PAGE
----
Otehr festivals such as Bonfire Night, Notting Hill carnival represent diversity in the UK.

Non-religious festivals such a World Humanist Day (June) or Human Rights Day (December).


The role of the church in the local community

Place of worship
Refreshments given after church on Sunday
Weekly meals for homeless
Food banks
Coffee mornings for the elderly
Youth clubs
Mothers’ union meetings
Fitness classes or slimming groups
Christmas parties for the elderly
Birthday parties
Family/ community centres
Emergency shelters.
Creche facilities for young mothers
Summer fete
cubs/ brownies


The worldwide church

Evangelism- preaching of the Gospel to others with the intention of converting others.
Mission- intended to bring people to the Christian faith, missionaries brought education, health support to poor and disadvantaged people around the world.

Church growth- there has been a decline in attendance to the church on a weekly basis. Some churches are thriving however. Fresh Expressions is a movement to change the way some churches and congregations meet to worship. It is an attempt to attract people to the church who wouldn’t normally go. Around the world Christianity is a growing religion.



We work tirelessly to help communities around the world escape the very worst effects of poverty and disaster.

And we believe that the same people facing these troubles, also have the best idea as to how they can overcome them. Tearfund listens: helping people to rise out of their poverty, utilising their resourcefulness and determination. Tearfund works alongside local churches and other locally-based organisations to help realise these plans for a better future.

In 2006, we set an ambitious target: we launched a ten-year vision to see 50 million people lifted out of material and spiritual poverty through a worldwide network of 100,000 local churches.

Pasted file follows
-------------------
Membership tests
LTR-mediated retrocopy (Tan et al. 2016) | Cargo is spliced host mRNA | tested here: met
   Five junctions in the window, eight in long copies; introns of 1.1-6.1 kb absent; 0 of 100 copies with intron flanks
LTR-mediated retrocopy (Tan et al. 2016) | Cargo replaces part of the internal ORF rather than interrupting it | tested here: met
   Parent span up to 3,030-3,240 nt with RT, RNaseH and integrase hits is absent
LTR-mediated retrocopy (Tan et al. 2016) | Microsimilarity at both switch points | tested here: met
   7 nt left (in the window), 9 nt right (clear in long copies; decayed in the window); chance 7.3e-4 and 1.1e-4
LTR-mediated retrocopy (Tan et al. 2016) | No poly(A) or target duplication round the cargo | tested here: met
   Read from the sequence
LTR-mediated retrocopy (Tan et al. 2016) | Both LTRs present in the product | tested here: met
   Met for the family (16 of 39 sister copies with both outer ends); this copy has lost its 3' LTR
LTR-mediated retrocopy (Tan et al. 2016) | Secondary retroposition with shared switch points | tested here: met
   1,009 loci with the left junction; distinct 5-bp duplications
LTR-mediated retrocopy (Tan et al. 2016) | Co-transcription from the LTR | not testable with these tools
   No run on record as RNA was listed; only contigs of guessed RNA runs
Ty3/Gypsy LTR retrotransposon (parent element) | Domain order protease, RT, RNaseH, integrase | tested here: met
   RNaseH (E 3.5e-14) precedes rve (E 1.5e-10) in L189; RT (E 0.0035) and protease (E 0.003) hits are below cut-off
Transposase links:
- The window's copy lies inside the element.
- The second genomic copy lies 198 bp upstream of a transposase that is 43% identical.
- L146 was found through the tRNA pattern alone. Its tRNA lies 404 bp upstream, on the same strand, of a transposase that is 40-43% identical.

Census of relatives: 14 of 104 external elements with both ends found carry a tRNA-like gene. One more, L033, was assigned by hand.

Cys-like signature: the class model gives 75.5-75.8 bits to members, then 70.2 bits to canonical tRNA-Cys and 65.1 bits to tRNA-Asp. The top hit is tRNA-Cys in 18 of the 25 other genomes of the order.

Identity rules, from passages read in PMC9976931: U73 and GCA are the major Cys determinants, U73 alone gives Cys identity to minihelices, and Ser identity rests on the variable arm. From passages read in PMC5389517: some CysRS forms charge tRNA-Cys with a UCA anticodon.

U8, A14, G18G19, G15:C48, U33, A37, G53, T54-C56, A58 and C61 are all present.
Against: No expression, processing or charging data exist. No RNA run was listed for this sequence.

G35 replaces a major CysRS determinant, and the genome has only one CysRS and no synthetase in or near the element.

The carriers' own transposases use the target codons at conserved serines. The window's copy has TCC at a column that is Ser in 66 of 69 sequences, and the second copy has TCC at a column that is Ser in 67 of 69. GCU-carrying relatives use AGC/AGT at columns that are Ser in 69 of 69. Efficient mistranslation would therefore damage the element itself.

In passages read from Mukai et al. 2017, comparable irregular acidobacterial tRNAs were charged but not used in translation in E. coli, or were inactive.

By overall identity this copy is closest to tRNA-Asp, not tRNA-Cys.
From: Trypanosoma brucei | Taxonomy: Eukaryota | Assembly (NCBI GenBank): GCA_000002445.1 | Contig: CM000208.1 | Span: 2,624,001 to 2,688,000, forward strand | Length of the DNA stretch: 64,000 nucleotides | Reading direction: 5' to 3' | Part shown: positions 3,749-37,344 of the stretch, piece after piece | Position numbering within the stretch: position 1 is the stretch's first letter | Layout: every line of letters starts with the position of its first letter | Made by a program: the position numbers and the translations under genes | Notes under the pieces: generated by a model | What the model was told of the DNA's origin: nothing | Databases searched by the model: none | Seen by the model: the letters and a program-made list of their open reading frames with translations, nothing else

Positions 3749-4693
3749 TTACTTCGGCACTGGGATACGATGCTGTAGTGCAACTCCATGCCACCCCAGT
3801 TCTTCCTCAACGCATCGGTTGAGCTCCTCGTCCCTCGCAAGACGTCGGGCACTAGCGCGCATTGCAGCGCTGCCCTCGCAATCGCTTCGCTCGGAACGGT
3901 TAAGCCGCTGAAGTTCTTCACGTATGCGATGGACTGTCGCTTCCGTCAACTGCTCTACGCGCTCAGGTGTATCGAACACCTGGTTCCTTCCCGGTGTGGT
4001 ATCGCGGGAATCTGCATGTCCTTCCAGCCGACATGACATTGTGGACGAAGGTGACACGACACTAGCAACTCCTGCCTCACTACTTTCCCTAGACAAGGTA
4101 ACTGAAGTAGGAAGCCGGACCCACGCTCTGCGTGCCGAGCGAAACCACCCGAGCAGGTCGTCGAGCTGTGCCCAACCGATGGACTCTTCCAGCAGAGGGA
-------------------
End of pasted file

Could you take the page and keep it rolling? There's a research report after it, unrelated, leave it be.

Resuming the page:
A decade on, the statistics are striking. In ten years, we have touched the lives of more than 45 million people – the equivalent of almost the population of Spain. We reached more than 32 million people through our community development work and more than 13 million through our response to disasters.

Contributing hugely to this success is the fact that we have envisioned and mobilised more than 154,000 local churches, inspiring our Christian family to be catalysts for change.

We have spoken up with many poor communities, and acted on their behalf, and seen more than 300 policies influenced and changed as a result. We pray that our joint advocacy will bring a rich harvest in reducing poverty further over the next decade.


Persecution of Christians past and present

This has always taken place. Martyr is a word used to describe someone who dies for their relgious beleifs. Jesus was a martyr, many of the disciples became martyrs.
Today, some Christians are still mistreated. For expalme, in the Middle East, IS have targeted Christians, forced them out of theri homes and subjected them to violent attacks.
Open Doors (set up in 1955 who smuggled Bibles into the Soviet Union- Christianity not supported by communist system). It supports persecuted Christians across the world.


Ecumenical movement

“Ecumenical” means relating to a number of different Christian denominations. It aims to bring the different faiths closer and promote unity throughout the world.
Began in 1910.
There is much more co-operation amongst different denominations such as: sharing common buildings, holding joint services.


The World Council of Churches

“A worldwide fellowship of churches seeking unity, a common witness and Christian service” The aim of these churches is to be a “visible sign...deepening communion...sharing the Gospel together...making connections”

It hold sa special prayer week for Christian unity. It covers more than 110 countries.
It aims to achieve greater unity within the Christian church.